Tag Archives: integration

Setting the Record Straight: The Reason for Black History Month and Other Black Institutions

Setting the Record Straight: The Reason for Black History Month and Other Black Institutions

Gary A. McAbee

Any time something is new created, it happens because there is a need for something that does not exist, a lack of something that does exist, or the desire to make improvements on what has already been created. Remember those three elements as a starting point for all creation (need, lack, or improvement) as I set the record straight about Black History Month, Black Entertainment Television, and other black institutions.

Black History Month was created years ago, because there was a lack of information about black historical figures. They were not written about in our history books or recalled in our nation’s history. In many cases, black history did not exist. It had to be added to improve the history that already existed. For one month out to the year, the historical achievements of black people in America are presented to remember these forgotten contributors to the success of our nation. Every February we hear it: Why isn’t there a White History Month?

The answer is simple: There is no need to create a White History Month, because it already exists. Just choose a month. We already learn about the achievements of white Americans throughout history. There is not a lack of white history, because it is always taught in our schools, written in our books, and recalled in our nation’s history.

Black Entertainment Television (BET) was created years ago because there was a lack of black entertainment options on television. In many cases, black entertainment on television didn’t exist. It had to be created to improve on the selection that already existed. As an example, Michael Jackson was the only black artist in heavy rotation on Music Television (MTV) during the early years of the network. BET highlighted black artists to give them exposure in the growing video music industry, and it later expanded to other programming geared toward black audiences. It wasn’t long before we heard: Why isn’t there a White Entertainment Television?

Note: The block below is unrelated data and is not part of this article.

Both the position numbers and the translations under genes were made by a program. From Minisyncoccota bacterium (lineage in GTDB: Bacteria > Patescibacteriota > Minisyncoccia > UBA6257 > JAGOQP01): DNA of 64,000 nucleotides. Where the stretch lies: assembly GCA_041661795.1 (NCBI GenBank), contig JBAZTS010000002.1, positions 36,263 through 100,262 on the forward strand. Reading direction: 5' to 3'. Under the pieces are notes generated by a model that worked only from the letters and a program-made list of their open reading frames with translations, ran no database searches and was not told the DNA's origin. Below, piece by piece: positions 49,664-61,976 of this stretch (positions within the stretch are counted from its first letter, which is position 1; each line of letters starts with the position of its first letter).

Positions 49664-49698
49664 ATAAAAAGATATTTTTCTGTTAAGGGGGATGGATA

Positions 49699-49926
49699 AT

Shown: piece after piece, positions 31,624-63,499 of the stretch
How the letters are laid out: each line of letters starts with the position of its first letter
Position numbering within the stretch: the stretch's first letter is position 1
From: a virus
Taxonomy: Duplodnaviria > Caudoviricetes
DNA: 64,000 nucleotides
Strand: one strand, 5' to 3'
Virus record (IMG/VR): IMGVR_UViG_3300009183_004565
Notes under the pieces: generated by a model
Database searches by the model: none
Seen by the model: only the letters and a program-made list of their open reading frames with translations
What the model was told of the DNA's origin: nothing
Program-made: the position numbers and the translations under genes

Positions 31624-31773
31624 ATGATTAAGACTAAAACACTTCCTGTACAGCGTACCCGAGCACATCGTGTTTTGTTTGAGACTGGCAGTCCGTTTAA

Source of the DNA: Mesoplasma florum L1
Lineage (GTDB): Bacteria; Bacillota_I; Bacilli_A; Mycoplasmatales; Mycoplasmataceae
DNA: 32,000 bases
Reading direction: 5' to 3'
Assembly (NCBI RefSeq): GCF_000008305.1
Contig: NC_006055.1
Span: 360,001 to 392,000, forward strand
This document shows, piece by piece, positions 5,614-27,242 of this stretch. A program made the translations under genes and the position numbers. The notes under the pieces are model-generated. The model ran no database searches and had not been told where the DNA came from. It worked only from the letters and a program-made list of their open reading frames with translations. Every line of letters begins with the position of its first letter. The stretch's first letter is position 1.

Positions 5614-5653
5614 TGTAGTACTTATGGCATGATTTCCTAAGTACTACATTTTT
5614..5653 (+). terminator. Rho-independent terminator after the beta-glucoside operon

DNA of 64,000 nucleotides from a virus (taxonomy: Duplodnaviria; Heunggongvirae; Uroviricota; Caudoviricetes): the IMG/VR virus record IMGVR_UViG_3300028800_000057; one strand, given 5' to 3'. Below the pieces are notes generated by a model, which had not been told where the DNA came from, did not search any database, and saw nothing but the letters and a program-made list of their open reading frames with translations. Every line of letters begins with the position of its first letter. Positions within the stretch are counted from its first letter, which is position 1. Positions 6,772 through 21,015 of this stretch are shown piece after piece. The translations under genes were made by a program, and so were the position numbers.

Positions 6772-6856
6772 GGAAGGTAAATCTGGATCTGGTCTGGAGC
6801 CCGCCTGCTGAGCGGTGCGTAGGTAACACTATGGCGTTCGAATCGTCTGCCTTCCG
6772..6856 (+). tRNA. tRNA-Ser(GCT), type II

The answer is simple: There is no need to create a White Entertainment Television, because it already exists. Just choose a network. We already see white entertainment in the vast majority of television programming. There is not a lack of white entertainment, because you can easily find it on regular network and cable television networks.

The same principles hold true for other black institutions that exist in American culture: the United Negro College Fund and Historically Black Colleges and Universities, the Congressional Black Caucus, the Black Coaches Association, and on, and on, and on. There was a lack, need, or improvement required that led directly to the creation of these institutions.

I hope you have gained some understanding about the issues up for debate about our black institutions. However, two other key points need to be addressed before this debate should continue:

Point one: Intent… Some people who ask about our institutions are offended by one word in their titles: Black. The word “black” is just an identifier, which is not intended to exclude whites. Everyone can participate in Black History Month; everyone can watch Black Entertainment Television. NOTE: Be careful not to confuse these two examples with private organizations that can legally be selective of their membership. This is another topic for a different article.

Point Two: Institutions… Some people will say that it’s 2015, and one way to end racial strife is to eliminate or integrate black institutions. While this is a valid argument, it does not hold merit. Who has the right to determine whether or not an institution should be shut down? As long as they are legal, institutions have a right to exist. Once a lack is filled, a need satisfied, and an improvement realized, an institution might fade away on its own because it has fulfilled its purpose. It should never be forced to cease operations.

Now that we have set the record straight, welcome to Black History Month 2015! I hope that all people can learn something new while being inspired by the contributions African-Americans have added to our great society.